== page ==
The senior out of Notre Dame is one of my favorite players in the draft. He is 6-foot-4 and combined with his speed that makes him a great big-play receiver. He ran a 4.42 40-yard dash at the combine. He averaged 15.7 yards per catch to go with 13 receiving touchdowns in his senior season. Six of those 13 touchdowns were for 20 plus yards. Four of those six were for 34 plus. The Bears need to add a couple of playmakers on offense. For cap space, they decided to cut Taylor Gabriel prior to free agency. Claypool would be a great addition to the Bears wide receiver group. Allen Robinson and Claypool on the outside with Anthony Miller in the slot is a matchup nightmare. If they double Robinson that leaves Claypool one-on-one to make a big play. – Brandon
Round 5, Pick 163: J.R. Reed, SAF, Georgia
The Bears are in need of a safety. The good news for them is they have had a lot of success with drafting safeties in the later rounds. They drafted Eddie Jackson in the fourth round. They also got Adrian Amos in the fifth round, which happens to be the round I have them getting Reed, who plays similar to Amos. He isn’t going to force a bunch of turnovers, but that’s what Jackson is for. He is smart, good in coverage and is a good tackler. He would be perfect alongside Jackson and would allow him to play to his strengths as a ball-hawking free safety. – Brandon
Round 6, Pick 196: Lamar Jackson, CB, Nebraska
Not exactly the Lamar Jackson the rest of the football world has been clamoring over, you know, the one who went nuts this past season with the Baltimore Ravens. Sure, the Bears could definitely use him to put an end to their quarterback misery, but since that’s not an option, they’ll have to settle for cornerback out of Nebraska. After cutting ties with Prince Amukamara, the Bears have a glaring need in the defensive backfield opposite of Kyle Fuller. They’ve brought in Artie Burns and Tre Roberson, who will compete with the returning Kevin Toliver.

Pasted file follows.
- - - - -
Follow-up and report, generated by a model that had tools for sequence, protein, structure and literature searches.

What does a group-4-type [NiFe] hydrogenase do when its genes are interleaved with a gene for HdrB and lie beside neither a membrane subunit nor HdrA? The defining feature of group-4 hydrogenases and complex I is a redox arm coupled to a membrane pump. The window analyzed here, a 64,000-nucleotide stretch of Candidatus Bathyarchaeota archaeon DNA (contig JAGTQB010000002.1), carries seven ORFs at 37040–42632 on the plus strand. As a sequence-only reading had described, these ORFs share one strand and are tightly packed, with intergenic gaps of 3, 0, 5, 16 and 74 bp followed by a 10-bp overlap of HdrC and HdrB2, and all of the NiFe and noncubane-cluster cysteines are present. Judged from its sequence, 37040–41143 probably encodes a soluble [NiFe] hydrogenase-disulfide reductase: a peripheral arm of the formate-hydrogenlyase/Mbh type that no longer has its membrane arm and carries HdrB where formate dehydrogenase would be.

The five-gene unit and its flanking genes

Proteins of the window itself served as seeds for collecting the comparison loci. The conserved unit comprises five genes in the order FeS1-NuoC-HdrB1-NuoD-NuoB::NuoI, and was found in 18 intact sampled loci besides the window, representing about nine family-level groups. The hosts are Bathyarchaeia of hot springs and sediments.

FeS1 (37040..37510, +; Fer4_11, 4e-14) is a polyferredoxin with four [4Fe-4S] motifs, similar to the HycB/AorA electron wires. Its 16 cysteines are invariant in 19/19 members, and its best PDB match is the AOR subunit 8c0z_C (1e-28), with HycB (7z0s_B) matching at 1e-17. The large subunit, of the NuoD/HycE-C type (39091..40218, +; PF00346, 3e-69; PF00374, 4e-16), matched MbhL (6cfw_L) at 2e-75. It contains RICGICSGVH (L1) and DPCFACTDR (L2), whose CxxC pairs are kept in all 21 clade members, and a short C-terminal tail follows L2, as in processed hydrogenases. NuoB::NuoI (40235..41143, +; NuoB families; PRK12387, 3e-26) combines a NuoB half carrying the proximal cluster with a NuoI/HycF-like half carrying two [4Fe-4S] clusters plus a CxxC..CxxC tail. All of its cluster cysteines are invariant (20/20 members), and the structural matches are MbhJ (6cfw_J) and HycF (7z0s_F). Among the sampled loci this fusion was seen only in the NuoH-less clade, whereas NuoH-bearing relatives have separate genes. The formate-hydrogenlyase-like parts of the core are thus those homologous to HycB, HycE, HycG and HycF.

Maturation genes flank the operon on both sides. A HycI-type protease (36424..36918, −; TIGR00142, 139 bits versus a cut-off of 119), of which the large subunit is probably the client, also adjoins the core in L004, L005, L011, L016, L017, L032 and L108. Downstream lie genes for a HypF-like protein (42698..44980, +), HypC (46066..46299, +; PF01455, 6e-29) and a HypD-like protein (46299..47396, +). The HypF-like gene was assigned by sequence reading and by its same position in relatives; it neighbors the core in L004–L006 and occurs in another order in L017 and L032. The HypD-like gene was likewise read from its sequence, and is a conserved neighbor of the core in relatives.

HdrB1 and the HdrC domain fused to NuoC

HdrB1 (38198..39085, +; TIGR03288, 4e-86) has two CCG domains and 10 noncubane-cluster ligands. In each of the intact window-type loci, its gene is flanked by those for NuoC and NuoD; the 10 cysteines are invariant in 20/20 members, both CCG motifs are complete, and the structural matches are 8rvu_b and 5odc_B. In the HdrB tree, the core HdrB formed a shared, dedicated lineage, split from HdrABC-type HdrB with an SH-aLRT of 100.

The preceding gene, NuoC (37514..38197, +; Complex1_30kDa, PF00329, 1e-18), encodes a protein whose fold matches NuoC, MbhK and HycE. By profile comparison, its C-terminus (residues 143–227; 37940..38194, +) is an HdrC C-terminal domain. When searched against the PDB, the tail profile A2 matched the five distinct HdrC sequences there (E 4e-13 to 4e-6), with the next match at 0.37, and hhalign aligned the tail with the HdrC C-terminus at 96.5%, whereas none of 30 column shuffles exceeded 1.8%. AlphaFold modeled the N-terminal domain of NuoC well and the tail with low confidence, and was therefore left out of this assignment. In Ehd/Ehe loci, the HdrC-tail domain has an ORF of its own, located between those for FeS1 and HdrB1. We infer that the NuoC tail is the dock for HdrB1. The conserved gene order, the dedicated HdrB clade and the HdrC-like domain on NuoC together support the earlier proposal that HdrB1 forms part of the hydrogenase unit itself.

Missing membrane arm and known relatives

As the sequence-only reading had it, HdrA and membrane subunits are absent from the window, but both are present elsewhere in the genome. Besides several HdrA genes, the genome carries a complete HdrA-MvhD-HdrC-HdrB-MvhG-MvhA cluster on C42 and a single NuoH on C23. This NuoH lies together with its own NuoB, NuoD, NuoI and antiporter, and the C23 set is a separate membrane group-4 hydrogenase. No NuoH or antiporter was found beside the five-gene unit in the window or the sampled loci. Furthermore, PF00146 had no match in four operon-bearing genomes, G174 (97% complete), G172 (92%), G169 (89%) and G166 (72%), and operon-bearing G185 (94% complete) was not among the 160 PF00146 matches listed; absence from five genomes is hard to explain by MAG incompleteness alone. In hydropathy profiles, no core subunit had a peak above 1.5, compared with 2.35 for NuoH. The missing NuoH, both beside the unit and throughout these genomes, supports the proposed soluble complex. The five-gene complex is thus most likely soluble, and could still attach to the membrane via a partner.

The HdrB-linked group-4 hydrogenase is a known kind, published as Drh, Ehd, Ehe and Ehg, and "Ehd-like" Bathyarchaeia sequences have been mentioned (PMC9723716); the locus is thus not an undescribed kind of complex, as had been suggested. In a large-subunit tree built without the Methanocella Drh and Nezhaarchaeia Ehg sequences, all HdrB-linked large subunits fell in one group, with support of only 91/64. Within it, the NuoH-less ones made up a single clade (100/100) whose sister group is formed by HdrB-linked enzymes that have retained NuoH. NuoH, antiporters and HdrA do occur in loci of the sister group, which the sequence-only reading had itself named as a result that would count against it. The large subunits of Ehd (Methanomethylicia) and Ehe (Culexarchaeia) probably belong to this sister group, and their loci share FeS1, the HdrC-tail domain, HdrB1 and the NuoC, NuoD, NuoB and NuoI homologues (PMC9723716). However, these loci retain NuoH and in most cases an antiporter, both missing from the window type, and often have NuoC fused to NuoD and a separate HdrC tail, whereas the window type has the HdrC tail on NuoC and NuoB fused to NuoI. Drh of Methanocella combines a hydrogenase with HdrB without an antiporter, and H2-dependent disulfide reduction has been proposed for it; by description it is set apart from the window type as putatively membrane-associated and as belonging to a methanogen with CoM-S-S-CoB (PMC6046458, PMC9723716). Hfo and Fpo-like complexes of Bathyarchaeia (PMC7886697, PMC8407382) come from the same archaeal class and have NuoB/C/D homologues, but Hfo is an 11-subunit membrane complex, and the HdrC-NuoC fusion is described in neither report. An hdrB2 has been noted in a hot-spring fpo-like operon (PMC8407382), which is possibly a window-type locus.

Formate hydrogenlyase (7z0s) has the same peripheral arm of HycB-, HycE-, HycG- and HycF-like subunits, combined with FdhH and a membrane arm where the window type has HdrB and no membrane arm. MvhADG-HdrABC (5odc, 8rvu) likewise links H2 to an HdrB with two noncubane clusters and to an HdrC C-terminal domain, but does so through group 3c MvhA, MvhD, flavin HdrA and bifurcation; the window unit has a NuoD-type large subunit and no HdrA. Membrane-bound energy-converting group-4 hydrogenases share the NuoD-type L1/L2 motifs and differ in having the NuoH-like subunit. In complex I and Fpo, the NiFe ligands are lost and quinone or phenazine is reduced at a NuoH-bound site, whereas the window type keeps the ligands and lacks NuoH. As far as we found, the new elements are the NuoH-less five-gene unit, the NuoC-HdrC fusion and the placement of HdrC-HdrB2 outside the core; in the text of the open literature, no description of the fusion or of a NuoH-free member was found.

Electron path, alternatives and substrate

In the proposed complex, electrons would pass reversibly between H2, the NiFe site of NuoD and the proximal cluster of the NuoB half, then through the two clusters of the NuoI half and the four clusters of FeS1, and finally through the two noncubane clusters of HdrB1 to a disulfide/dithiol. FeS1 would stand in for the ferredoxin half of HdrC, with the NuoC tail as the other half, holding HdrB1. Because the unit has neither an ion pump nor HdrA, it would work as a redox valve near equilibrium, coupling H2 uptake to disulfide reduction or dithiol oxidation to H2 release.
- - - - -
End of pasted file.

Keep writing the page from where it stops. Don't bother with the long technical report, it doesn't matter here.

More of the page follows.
However, none of those options instill a ton of confidence. Jackson is a tall corner with good playmaking ability. Honestly, I’m surprised this is the range of the draft where he’s projected and falling in most mocks. His length, size, and playmaking ability deserve more respect or at least a second look. He wouldn’t be handed the keys to the starting role, but, if nothing else, he’s a developmental piece for the future. Standing 6’3″ and 215 lbs, Jackson has the size and high points the ball well, to make up for his rather underwhelming speed (4.58 40-yard dash time). – Joey
Round 6, Pick 200: Justin Strnad, ILB, Wake Forest